Russia's invasion of Ukraine will sharpen the divide between democracies and autocracies, but also lead to more realpolitik strategic balancing. A key question is what kind of coordination emerges between democracies.
To examine the implications of the Russia-Ukraine conflict for Europe, the Malcolm H. Kerr Carnegie Middle East Center is organizing a public panel discussion on Wednesday, July 20 from 16:00 till 17:30 Beirut time with Benedetta Berti, Marc Pierini and Sinan Ülgen.
What is very clear is that in late May, the Kremlin came to the firm conclusion that it is winning this conflict in the long run. And Mr. Putin, in contrast to the early chaotic months, now has a clear plan.
As the war nears the end of its fifth month, the situation in Russia suggests that a shift is beginning to take place—both in the government and in the general population. As Putin has made clear, Russia’s plans in Ukraine will proceed regardless of the economic consequences—and all indications are these will be large.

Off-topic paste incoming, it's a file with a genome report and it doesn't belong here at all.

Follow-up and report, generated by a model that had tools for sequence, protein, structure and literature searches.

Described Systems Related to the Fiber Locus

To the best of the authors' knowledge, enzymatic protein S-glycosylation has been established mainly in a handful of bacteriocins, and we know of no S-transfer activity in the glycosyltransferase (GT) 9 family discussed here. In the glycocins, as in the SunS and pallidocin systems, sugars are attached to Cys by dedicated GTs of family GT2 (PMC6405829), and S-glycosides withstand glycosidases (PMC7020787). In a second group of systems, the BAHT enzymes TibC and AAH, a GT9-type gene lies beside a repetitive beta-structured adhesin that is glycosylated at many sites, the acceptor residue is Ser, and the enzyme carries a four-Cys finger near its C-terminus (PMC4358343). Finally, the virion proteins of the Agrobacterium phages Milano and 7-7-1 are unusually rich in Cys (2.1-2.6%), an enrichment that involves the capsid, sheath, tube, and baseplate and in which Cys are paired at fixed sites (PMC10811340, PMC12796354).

In Russia, the view is that on the battlefields of Ukraine, Russia is battling not only Ukraine itself, but also the West.
Putin has crushed every living thing in his own country. When he successfully zeroed out his presidential terms, he zeroed out himself and the reputation of Russians. But this was not enough for him.
To examine the trajectory of U.S.-Russia tensions in light of the conflict in Ukraine and their wide-ranging repercussions and future implications, the Malcolm H. Kerr – Carnegie Middle East Center invites you to a public panel discussion on Wednesday, July 14 from 15:00 till 16:15 Beirut time with Alexander Baunov, Anna Ohanyan and Andrew Weiss.
Join Carnegie for a conversation featuring Sue Biniaz and Tino Cuéllar on the state of play for climate change and what steps communities, nations, and institutions can take to preserve our shared future.
Former director of national intelligence James Clapper joins Aaron David Miller about Russia-Ukraine, the Middle East, and the role intelligence plays in U.S. foreign policymaking.
Unlike Ukraine and Moldova who have been given candidate status, Georgia has been offered a much weaker offer of EU membership perspective. Despite the best efforts of the country’s protestors, the Georgian dream government is unlikely to back down and meet these demands any time soon.